How is sparring going and who I’ve your sparring partners been? I know you’ve been working with Chop Chop Corley?
“We have four or five different sparring partners and lots of different looks. Chop Chop is here and I have four others and they are 160 or 165 and they all have different skills. I have a speed guy, someone who is extremely strong and a lot of different looks. Chop Chop is here for his craftiness and a veteran look. I’m just feeling sharp, it’s always difficult trying to go in there with a southpaw, but everything is going tremendously well. I’m seeing things and I’m able to hurt these southpaws so it’s almost like second nature to be. It shouldn’t be a problem at all.”
This is a fight with two young stars with knockout power, how is preparation different?
“It’s just trying to stay smart in there, and on his end as well because he knows I can put him out with one punch. It’s just trying to stay smart and sharp and know every move is a smart move. I’ve been sparring big guys all of life, a lot of my other sparring partners in there are weighing 160-170 pounds. His power is something that I’m not a stranger to. I’ve been in there with big punchers. Urango is the hardest puncher at 140. I’m waiting to see what all the hype is about.”
What do you see as Victor’s weaknesses?
“He has a lot of different weaknesses. One is his being a puncher trying to be able to box. I don’t think he has that down yet. We’ll see April 16th. I’ll just use all my skills to expose them like I need to.”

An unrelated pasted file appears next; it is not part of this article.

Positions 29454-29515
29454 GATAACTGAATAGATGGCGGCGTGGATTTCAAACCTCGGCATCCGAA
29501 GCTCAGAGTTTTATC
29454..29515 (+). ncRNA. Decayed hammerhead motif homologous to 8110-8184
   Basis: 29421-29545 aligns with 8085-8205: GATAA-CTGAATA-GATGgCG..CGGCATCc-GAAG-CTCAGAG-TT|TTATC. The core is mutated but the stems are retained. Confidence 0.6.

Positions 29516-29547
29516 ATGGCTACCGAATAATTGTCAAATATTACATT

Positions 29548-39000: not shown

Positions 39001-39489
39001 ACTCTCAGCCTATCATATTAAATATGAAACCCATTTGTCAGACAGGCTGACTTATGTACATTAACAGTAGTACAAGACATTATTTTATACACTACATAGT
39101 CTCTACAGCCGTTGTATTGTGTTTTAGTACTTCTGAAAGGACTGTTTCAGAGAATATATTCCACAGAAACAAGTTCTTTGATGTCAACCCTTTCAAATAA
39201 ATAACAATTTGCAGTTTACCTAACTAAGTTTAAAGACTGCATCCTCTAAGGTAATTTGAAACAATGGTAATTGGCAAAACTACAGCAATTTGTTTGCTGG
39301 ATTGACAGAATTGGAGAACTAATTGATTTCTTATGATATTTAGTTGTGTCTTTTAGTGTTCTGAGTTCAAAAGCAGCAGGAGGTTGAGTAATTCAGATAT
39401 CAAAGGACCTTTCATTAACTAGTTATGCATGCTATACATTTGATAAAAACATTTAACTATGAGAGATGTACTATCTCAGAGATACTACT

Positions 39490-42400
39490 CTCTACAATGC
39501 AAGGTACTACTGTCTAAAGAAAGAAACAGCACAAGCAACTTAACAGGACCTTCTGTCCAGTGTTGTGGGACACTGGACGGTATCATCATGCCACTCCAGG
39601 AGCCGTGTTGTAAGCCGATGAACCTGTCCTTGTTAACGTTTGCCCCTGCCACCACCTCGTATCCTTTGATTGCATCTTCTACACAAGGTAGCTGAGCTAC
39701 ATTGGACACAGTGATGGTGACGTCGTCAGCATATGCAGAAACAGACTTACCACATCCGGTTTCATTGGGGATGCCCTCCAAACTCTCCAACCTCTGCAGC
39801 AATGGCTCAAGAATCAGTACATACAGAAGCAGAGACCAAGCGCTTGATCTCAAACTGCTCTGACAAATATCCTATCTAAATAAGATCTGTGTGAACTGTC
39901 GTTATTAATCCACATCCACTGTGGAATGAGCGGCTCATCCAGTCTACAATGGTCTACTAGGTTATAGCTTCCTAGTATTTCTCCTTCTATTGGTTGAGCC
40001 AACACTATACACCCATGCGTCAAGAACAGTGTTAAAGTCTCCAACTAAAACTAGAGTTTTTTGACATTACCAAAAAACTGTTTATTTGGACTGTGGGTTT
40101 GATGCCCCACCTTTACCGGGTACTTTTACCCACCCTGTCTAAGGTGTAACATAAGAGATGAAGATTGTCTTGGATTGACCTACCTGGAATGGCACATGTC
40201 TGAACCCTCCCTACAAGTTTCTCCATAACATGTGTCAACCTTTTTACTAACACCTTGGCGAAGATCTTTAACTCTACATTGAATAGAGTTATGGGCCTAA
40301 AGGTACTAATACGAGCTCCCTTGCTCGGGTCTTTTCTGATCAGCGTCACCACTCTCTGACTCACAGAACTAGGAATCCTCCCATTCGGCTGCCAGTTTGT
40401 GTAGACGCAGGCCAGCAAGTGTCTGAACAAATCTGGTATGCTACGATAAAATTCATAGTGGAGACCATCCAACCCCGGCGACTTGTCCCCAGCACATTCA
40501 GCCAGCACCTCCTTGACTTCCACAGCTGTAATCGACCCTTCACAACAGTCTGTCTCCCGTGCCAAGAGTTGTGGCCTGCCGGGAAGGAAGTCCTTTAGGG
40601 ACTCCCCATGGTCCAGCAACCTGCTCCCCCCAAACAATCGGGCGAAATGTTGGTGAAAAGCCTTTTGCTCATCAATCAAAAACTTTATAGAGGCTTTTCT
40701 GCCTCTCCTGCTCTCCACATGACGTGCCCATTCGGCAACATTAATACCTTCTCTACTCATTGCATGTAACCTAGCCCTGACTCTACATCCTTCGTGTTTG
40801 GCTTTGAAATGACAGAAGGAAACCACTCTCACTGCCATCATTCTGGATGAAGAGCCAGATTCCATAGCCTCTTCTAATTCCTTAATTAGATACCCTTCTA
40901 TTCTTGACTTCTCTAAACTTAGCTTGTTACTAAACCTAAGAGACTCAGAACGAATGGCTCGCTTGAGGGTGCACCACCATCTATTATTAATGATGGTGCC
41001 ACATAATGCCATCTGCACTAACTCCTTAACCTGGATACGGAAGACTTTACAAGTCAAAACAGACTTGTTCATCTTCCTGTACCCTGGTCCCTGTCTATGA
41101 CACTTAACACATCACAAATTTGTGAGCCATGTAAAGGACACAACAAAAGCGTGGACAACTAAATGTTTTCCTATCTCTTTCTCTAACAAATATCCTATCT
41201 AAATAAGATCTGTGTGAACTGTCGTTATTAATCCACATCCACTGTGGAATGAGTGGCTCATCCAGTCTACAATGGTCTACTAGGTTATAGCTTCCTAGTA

Ortiz says you haven’t fought a puncher, what happens when you get hit?
“I got caught early in my career with a shot I didn’t see and my hand only touched the canvas and I got up and got a little more aggressive and I got in his a**. That’s how real fighters handle it.”
Tony Morgan, Berto’s Trainer
Victor Ortiz fights a lot on his toes unlike other fighters that are flat footed, what do you expect?
“If you watch Victor, he’s a lot of in and out movement. His main strength is his right jab and a straight left, but he throws it hard. He’s hurt everyone he’s ever fought with it. He throws good combinations inside but we’re not just going to sit there and let Victor punch on us. I truly think Victor is going to come out of the gate and miss and get hit with something hard and get fast feet and make us chase him all around in the ring. I think he wants to come in big and show everyone that he’s the big man and he’s not a shot fighter and he’s got heart. The last two guys he fought, neither one could really punch and Lamont punched him a couple of times and Victor ran from Lamont. I think Maidana is a strong fighter, but he doesn’t punch near as hard as Berto.”
Is Victor Ortiz the best opponent you fought?
“I think he’s a tough kid, it’s hard to say because I haven’t been in the ring with him yet. I can answer that after the fight. I won’t continue to get the credit I deserve. I’m going to keep doing what I’m doing and knock these guys out.”
“My last 27 opponents said the same thing that Victor said (that they’re going to knock him out). They’re coming to knock me out, they’re going expose me, they’re going to take me to deep water and drown me. I’ve heard it all. You can really go to a class to really trick your mind into thinking something else. If that’s where he feels okay, fine. It’s going to be a lot more exciting fight and it’s going to be a shorter fight.”
“I think his team has been hyping him up and selling him dreams. On April 16th, he’s going to see the truth. He’s going to see all his friends that he thought were his friends disappear. It’s going to be a big reality check and a lot of these kids have to go through that.“